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Suspect in arson at firefighter's home was friend, victim says

North Tonawanda's only black firefighter said he telephoned his neighbor from work on Wednesday and asked him to check if his apartment had accidentally been left unlocked.

The friend, former firefighter Matthew Jurado, promised to go across the street and check.

Minutes later, Jurado called Kenneth Walker back and told Walker that his house was on fire, Walker said.

Now Jurado is in custody, arraigned Friday on a felony arson charge, a defendant in a racially-charged case that has captured the nation's attention, prompted strangers to donate more than $103,000 to Walker's family, and left Walker reeling with surprise.

Walker said he still doesn't know if Jurado was the anonymous person who left in his mailbox two days before the fire a racist, threatening letter that  demanded  Walker resign as a volunteer firefighter.

Jurado admitted to detectives he set the fire, but said he didn't write the letter, according to North Tonawanda police.

“I don’t know if that’s legit, or whether he did it. I don’t know if he’s lying,” said Walker said.

He said Jurado should take ownership of the letter if he did type it.

“It would be nice to know who did it, but at the end of the day, my house is burned down, I have a family to care for, I lost my cats, and I have to rebuild,” Walker said.

A prosecutor said Friday in North Tonawanda City Court that authorities are continuing to investigate if the letter and the arson are linked, and whether Jurado was the author of the letter.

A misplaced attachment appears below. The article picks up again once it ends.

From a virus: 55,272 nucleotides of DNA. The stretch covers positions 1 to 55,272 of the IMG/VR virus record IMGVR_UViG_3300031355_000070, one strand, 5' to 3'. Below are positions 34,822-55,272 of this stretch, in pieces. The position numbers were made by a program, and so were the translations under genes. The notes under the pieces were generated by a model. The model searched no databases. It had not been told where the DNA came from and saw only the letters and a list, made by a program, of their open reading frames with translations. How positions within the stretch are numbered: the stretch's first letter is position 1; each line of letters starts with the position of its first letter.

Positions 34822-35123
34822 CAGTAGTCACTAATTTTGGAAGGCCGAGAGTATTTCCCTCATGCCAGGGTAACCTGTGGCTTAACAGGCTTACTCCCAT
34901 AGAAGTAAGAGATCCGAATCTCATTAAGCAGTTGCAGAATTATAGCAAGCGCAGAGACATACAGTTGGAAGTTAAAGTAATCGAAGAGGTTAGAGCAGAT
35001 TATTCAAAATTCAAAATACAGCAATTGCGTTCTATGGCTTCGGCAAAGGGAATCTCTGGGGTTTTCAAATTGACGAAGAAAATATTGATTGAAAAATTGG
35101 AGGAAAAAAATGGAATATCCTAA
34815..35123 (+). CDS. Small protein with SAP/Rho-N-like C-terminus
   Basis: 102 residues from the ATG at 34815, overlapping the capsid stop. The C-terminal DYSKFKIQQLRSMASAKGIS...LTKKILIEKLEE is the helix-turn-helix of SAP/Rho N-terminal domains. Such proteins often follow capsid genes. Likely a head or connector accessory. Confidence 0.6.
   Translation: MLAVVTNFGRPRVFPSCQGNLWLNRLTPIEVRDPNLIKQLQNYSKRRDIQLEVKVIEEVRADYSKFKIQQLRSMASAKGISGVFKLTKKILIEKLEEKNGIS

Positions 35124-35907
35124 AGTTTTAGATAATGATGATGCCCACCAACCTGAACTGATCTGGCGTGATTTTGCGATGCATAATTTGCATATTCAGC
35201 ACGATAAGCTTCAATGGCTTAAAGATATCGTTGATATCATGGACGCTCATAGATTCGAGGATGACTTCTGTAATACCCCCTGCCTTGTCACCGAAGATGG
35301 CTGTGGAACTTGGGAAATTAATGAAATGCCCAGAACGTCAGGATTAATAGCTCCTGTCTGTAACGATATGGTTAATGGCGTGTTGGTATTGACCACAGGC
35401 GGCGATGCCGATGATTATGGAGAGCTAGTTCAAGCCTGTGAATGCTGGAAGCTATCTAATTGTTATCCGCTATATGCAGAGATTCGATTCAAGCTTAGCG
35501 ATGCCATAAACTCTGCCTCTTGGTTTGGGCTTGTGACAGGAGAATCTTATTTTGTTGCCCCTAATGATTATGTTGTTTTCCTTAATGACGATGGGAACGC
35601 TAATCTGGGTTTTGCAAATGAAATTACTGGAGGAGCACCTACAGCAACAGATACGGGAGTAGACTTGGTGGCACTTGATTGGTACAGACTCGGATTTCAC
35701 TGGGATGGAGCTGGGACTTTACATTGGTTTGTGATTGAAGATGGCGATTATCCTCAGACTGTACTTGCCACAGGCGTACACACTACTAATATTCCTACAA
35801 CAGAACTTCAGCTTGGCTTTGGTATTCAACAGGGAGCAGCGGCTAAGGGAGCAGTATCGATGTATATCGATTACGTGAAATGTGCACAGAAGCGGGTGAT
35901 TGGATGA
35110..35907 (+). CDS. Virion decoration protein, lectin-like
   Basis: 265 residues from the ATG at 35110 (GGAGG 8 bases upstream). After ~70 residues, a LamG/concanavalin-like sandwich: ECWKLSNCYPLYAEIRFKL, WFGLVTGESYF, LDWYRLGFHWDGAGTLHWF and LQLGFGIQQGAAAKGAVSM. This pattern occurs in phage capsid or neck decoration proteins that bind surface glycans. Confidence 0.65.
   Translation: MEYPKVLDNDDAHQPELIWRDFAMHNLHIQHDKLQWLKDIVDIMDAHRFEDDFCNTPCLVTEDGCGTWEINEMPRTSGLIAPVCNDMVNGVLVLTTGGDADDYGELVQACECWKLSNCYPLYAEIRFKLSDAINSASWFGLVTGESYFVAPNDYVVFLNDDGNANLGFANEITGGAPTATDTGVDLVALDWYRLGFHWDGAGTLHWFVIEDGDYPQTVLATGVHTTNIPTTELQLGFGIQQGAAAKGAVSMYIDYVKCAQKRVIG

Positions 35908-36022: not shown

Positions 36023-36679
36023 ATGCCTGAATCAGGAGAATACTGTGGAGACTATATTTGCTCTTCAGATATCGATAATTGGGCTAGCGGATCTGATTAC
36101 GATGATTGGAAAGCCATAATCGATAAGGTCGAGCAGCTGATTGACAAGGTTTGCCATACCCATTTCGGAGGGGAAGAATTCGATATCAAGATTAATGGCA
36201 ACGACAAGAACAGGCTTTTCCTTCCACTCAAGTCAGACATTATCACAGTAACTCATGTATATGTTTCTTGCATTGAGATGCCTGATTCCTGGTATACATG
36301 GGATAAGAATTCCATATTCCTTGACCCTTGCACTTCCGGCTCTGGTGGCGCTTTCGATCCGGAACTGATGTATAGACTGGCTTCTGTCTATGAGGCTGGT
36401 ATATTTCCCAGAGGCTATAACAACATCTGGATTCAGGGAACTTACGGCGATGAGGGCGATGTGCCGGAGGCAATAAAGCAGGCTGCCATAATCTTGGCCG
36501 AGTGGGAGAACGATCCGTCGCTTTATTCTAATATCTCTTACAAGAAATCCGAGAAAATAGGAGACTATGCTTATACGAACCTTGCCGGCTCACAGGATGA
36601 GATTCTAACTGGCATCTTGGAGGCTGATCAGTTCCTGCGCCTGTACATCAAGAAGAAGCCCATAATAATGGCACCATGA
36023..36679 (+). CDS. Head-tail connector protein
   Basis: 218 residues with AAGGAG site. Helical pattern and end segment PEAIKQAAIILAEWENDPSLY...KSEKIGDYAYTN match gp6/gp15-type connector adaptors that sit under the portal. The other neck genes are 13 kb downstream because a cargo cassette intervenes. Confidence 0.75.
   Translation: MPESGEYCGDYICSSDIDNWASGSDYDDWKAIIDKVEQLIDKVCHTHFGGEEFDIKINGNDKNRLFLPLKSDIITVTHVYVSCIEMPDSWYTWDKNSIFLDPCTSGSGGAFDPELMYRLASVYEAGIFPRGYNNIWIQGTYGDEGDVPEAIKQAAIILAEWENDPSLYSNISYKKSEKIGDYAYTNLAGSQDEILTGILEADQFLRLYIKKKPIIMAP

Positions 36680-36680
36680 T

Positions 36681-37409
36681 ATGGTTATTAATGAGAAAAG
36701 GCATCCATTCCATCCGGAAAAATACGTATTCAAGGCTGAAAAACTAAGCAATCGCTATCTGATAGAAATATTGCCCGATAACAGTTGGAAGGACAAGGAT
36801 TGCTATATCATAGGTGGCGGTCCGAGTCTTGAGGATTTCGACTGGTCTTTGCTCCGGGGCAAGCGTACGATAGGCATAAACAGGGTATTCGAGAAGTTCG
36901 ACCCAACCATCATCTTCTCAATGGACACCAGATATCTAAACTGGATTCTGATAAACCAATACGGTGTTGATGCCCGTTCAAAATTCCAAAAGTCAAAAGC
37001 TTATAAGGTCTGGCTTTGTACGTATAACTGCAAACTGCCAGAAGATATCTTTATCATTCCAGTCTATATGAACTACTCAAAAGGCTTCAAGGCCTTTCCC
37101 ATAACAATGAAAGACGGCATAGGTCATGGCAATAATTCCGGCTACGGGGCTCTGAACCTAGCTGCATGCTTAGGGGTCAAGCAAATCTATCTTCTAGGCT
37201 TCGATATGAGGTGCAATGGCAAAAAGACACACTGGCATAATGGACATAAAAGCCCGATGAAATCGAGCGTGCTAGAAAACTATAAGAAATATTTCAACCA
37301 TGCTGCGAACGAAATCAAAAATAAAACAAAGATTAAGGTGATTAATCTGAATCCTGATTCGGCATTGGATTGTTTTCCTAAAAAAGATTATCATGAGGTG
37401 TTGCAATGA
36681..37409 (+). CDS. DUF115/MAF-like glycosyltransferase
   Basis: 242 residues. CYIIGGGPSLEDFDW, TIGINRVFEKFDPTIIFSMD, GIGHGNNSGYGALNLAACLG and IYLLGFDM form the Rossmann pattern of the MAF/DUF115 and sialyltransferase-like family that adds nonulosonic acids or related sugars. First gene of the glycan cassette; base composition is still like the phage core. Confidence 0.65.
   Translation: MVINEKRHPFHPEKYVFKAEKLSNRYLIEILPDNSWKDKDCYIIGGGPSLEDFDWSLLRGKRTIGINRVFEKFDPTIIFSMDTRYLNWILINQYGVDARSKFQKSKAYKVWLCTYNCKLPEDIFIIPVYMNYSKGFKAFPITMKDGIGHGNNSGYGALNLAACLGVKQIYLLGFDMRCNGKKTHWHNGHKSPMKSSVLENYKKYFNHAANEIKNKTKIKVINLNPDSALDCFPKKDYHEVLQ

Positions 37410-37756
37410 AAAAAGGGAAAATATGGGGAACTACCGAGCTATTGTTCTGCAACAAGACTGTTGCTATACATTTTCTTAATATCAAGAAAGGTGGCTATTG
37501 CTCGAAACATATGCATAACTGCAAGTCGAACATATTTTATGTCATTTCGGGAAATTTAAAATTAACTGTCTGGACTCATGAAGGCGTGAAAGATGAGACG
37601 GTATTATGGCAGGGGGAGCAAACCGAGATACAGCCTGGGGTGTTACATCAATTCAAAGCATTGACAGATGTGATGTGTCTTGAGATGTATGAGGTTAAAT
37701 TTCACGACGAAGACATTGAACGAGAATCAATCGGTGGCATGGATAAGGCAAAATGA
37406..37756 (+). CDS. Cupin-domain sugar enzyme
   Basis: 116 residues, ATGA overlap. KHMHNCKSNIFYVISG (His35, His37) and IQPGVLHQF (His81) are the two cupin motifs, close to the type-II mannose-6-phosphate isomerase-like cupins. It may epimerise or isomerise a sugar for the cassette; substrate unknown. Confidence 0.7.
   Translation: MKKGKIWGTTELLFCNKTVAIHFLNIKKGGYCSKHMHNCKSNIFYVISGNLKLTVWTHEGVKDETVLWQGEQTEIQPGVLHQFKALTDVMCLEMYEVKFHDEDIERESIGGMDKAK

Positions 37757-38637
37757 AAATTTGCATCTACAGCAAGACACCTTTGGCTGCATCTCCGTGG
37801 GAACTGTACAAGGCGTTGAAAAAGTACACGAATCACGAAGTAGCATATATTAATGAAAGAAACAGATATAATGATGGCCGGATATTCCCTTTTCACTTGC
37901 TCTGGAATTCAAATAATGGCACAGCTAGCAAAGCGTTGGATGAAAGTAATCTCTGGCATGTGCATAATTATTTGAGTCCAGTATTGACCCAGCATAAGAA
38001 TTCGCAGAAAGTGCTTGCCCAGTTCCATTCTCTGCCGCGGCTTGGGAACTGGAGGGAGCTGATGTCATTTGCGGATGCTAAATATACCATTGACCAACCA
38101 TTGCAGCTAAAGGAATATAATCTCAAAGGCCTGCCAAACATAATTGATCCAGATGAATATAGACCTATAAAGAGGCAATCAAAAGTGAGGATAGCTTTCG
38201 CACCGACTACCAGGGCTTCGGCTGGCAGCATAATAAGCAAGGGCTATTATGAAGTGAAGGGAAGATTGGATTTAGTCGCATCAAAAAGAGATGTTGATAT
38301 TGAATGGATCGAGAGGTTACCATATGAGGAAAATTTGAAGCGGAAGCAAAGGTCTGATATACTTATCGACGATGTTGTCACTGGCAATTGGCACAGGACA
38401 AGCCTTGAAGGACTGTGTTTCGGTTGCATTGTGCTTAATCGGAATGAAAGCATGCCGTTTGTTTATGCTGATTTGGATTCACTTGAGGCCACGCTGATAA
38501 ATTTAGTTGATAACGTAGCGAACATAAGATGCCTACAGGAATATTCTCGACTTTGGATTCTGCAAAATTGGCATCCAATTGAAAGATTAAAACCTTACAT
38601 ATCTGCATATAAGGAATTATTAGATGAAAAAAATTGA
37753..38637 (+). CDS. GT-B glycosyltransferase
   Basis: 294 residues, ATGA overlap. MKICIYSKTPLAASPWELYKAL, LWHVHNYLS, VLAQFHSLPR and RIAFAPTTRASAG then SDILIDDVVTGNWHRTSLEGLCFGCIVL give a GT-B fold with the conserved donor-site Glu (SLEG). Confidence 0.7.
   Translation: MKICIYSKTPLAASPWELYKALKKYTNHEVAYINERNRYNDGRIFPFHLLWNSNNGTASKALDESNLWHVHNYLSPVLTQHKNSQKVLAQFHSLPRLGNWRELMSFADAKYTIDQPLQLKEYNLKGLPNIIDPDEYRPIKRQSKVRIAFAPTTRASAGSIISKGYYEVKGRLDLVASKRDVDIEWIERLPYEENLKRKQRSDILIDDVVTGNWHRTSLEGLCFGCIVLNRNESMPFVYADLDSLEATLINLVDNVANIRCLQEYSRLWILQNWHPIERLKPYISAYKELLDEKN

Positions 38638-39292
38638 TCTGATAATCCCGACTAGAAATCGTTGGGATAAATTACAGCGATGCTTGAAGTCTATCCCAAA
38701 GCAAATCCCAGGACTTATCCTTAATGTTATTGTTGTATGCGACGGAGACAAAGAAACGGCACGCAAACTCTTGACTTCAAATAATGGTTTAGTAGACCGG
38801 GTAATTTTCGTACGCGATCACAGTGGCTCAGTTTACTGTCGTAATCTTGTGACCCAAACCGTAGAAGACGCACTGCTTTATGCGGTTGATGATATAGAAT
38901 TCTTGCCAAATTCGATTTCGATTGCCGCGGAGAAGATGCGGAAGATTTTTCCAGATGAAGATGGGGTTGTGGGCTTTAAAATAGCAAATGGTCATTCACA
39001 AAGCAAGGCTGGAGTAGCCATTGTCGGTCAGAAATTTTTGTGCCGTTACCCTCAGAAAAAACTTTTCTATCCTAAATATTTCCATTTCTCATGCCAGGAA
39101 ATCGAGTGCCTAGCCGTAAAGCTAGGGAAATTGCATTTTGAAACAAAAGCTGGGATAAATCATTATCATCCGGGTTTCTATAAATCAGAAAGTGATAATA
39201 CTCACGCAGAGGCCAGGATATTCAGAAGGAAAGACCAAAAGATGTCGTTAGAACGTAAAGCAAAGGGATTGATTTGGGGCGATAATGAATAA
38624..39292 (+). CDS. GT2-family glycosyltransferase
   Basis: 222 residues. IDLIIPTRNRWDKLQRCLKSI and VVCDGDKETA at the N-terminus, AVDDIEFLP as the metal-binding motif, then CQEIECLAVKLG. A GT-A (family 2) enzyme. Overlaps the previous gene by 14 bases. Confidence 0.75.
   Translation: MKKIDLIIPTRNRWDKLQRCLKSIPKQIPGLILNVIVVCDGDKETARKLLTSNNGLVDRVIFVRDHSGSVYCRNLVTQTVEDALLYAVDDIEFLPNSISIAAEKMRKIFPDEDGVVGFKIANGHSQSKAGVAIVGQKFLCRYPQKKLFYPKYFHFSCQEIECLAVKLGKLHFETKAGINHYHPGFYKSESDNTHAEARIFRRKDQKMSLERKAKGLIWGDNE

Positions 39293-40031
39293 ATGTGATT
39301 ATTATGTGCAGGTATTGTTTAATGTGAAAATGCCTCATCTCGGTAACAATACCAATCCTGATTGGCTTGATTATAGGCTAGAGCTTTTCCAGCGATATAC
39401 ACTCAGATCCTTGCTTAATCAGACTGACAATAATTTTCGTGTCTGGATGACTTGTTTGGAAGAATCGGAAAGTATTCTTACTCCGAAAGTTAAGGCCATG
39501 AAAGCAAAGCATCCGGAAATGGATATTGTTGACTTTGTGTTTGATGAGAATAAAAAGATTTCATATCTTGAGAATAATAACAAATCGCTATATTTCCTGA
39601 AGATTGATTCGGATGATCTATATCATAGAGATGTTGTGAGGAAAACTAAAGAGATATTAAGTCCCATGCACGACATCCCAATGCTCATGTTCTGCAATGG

Walker said he's stunned that a person he considered a friend is now accused of setting a fire inside his 1069 Oliver St. apartment.

Jurado was the person who gave him an application to become a firefighter, Walker said. They trained together for awhile. When Jurado was removed as a member of the Live Hose Co. fire department in July, for failing to have required training, Walker said Jurado asked him to help him get an application to become a member of the Gratwick Hose Co.

On Wednesday, when Walker raced home from his job after hearing his house was on fire, Jurado met him at the scene and shook his hand, and Jurado's wife hugged his wife, Walker said.

“It’s tough to know that. It’s a friend who came into my house and who was with my family and kids. I don’t know if it was premeditated or planned for months or something he did on the spot,” said Walker, a volunteer with the Gratwick Hose Co.

Walker said he's glad that police have made an arrest because he knows there's been some public speculation that he secretly set fire to his own house.

“It takes a weight off my shoulders,” Walker said.

And for now, Walker said he's planning to remain a firefighter.

“The community has really been behind me and the members of Gratwick Fire Department have been behind me,” Walker said.

Another firefighter from North Tonawanda, Shawn Moynihan, who did not know Walker, created a gofundme page to raise money for Walker's family after the fire heavily damaged their apartment and killed two of the Walkers' cats. Within two days, more than $103,000 had been donated to the cause by 2,613 people.

“It’s all unnecessary. I do appreciate the help. And we’re grateful,” said Walker, who said he did not know if he would accept the donations.


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